dawn of modular theory.
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\bibitem{St-Wigh} R.F. Streater and A.S. Wightman, \textit{PCT, Spin and
Statistics and all That}, Benjamin 1964
\bibitem{WeiB} S. Weinberg, \textit{The Quantum Theory of Fields, I,}
Cambridge University Press 1995
\bibitem{FRS} K. Fredenhagen, K.-H. Rehren and B. Schroer, Rev. Math.
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Hawking-Unruh temperature and Einstein causality in anti-de Sitter space-time%
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Form Factor Program}, in print, scheduled to appear in Annals of Physics
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Constructions of Quantum Field Theories with Interactions,} hep-th/9812251
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d=1+1 Factorizing Models of QFT,} \ Notas de Fisica, CBPF-NF-019/99
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from the Viewpoint of Local Quantum Physics}, quant-ph/9904072
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Thermal Horizon: Hidden Symmetries in Chiral Models}, hep-th/9901031, to be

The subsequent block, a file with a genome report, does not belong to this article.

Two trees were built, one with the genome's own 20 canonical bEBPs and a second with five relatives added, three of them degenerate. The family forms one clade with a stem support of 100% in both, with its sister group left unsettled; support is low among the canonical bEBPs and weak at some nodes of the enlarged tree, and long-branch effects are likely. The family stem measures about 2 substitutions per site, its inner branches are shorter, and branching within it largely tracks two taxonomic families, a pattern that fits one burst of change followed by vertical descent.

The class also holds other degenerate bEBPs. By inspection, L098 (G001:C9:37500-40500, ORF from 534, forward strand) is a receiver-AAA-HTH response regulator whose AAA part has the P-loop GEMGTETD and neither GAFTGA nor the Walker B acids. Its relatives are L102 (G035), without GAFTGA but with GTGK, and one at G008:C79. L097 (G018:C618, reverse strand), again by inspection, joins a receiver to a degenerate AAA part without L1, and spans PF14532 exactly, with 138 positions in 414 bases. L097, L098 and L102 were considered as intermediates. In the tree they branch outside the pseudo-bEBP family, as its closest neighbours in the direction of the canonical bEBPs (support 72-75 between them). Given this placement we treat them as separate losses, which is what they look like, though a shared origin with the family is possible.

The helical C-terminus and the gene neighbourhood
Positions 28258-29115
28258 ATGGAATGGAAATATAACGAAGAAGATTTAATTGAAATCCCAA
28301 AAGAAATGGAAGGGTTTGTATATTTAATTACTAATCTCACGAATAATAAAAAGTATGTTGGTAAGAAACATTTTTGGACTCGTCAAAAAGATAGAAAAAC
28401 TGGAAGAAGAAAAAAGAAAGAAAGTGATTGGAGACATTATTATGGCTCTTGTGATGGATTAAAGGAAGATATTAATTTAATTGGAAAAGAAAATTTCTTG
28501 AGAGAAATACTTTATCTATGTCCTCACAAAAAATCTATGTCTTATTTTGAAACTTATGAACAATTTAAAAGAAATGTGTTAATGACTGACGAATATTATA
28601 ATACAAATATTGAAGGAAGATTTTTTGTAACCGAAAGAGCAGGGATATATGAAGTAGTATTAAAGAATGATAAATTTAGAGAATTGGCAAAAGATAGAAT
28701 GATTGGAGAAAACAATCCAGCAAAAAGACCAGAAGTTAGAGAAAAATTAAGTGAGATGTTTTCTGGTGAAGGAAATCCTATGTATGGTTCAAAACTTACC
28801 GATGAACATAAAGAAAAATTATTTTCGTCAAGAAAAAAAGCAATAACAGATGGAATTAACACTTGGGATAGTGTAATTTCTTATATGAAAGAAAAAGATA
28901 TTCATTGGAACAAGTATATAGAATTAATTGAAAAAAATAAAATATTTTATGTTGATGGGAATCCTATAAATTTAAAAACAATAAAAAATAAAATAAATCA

published in Rev. in Math. Phys.
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Geometry}, math-th/9809003, to be published in Rev. in Math. Phys.
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Theory versus New Intuition from Model Studies}, an essay dedicated to the
memory of Jorge Andre Swieca (1936-1980), in: \textit{The Algebraic Theory
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\end{thebibliography}
\noindent{\sc Bert Schroer} \\
Institut f\"{u}r Theoretische Physik der FU-Berlin\\
presently: CBPF, Rua Dr. Xavier Sigaud, 150\\
22290-180 Rio de Janeiro, RJ, Brazil\\
email: schroer@cbpfsu1.cat.cbpf.br
\end{document}